Hooray for small airports and easy boarding. We love LB and Burbank.
A short two-hour flight. First sites of Seattle area:
Our plane, touching down:
Seattle skyline, from the window of the airport shuttle. Uh, did I mention it was 80 degrees when I left LA and I came to this dreary 40 degree sight? But I still enjoyed it all the same.
We stayed right downtown, walking distance to the Space Needle, at the Westin Hotel. There's a monorail that runs right by it to the Needle.
Our hotel room:
With a beautiful all-white bed (that was outrageously comfortable):
And a cool view of the city from our window, 33rd floor!
Since I was totally on my own, I spent the day lounging, exploring on foot, eating the World's Best Mac and Cheese from Beecher's Cheese and reading my book (The Color Of Water, I highly recommend). I stopped by the very first Starbuck's ever, here at The Pike Place, down by the water:
I strolled around town and window shopped till my teeth were chattering (it was cold).
And then I picked up our rental car, a fabulous little ford escort. The perfect bubble of perfect temperature. I was glad to have a car the next couple days:
I picked up Casey at the airport and we found a cozy hip Pizza spot for dinner, Serious Pie.
Casey had a 9am meeting, so we were up and out the door early. Getting some morning work in:
Me, bored with my camera, waiting to go:
We drove 15 minutes across the lake to Bellevue, to Microsoft headquarters.
Bellevue is a cool city with a fun downtown area:
After dropping off Casey I drove and drove around a beautiful lake. Most of the area looks like this:
Lots of green trees and often, green moss growing on the trunks:
I hung out at Bellevue Square (a shopping mall) and then ate lunch at my favorite spot: Chipotle. There was a Marketing Competition going on at a nearby hotel for all the local highschool kids. And they all must have chosen Chipotle for lunch because I have NEVER seen this place SO busy, ever. I counted 65 people in line ahead of me. This shot doesn't capture the chaos but it was there. The line moved fairly quickly though:Phew. I made it. And enjoyed a good hour of book reading while eating:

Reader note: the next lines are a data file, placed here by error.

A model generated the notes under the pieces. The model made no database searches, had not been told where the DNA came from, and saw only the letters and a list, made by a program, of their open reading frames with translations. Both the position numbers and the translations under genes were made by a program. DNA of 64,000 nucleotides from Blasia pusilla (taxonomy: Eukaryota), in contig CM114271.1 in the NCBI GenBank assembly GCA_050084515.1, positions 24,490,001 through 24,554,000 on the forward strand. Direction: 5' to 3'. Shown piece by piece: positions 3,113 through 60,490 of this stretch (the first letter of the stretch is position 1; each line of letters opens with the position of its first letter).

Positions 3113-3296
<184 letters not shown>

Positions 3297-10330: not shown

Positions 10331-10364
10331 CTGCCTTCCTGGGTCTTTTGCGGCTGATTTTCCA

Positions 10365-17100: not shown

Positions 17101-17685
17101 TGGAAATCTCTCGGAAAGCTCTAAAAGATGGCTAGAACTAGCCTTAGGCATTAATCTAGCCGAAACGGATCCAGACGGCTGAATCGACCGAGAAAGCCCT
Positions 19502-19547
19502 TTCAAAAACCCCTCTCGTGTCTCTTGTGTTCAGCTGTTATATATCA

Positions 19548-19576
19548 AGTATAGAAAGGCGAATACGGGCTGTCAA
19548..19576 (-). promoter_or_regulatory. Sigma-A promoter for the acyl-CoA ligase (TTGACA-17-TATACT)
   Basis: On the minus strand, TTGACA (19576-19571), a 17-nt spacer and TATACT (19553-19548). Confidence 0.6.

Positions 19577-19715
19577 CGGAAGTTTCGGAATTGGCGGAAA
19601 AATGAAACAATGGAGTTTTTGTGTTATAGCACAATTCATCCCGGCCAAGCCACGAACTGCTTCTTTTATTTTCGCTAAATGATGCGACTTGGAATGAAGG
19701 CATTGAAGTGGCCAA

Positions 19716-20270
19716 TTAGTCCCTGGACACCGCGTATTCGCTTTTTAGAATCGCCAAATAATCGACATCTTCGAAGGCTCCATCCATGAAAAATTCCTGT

More driving and exploring...I came across this cute blueberry farm:
and the Seattle Temple. I have to admit, not my favortie architecture and impossible to get a good straight-on shot:Random Coca-Cola offices:
Beautiful sites from the bridge headed back from Bellevue to Seattle:
Now that Casey was done with meetings, I had company! So we really partied it up and headed to the Ballard Locks. Oddly enough, this was probably the coolest part of the trip to me. It's a boring process to explain. But there are these canals (locks) with differnent entry points (think of a double-door building entrance in cities where it snows, to keep the snow out).
One side of the water is saltwater from the Puget Sound. The other side is Lake Washington, fresh water and at a higher water level. So there needs to be an interim, holding area where they equalize the water level. The boats enter here, from the Sound:
Then they wait here while water is sucked from the Lake and poured into this "holding tank". The water level slowly starts to rise. And when the water here is the same level as the lake, the doors open and the boat can enter into the lake:We shivered our way around the Locks:
But as we were leaving, we were lucky enough to see a boat go through the actual process. It was really cool! This boat entered from the Sound, sea-level water:
We watched as it sat in the holding tank and the water rose. You can see the boat getting higher. And then...off it went! Again, boring to explain. But really, quite interesting!After the Locks, we drove past The Troll under the bridge. Just a random troll sitting there:
his eye is a VW hubcap:
(many thanks to my good friend Miriam for putting together this list of Seattle-must-sees. She grew up there and shared her secrets with us).
DAY #3
The weather was cloudy and gray most of our stay. I mean, Seattle? Right? We spent our morning on foot (and bundled up). First, the Space Needle:
Then the Science Museum:
Guess what? I only weigh 8.9 pounds! (on Pluto)
Sitting at the kids table:
Then we walked down to Pike Place again so Casey could enjoy it (I walked through on Wednesday by myself).
This funny guy was just sitting on a corner, playing his upright:
Pike Place is like a permanent farmer's market.
Cool booths with fresh produce, local honey, jewelry, artwork:
and fresh seafood:
Then, per Miriam's recommendation we finished our Seattle tour at Dick's Drive-in for greasy french fries and burgers:
They charge you 5 cents for ketchup. We got six of these:
We drove to the airport and dropped off our car. Cool airport with this interesting mobile hanging from the ceiling,
and this beautiful window:
So long Seattle! We enjoyed you. We would have enjoyed you a little more with some sun, but then again it's just cliche to be there in the gray cold.
Back at my parent's house, Lucy and Owen lived it up for 3 days in the warm backyard. They happily did this: and this:
And no matter how nice it is to have a break and be on my own, I always end up missing my kiddos more than I miss my freedom and can't wait to see them again. The excitement on their faces as we walk in the door? The best part of any trip.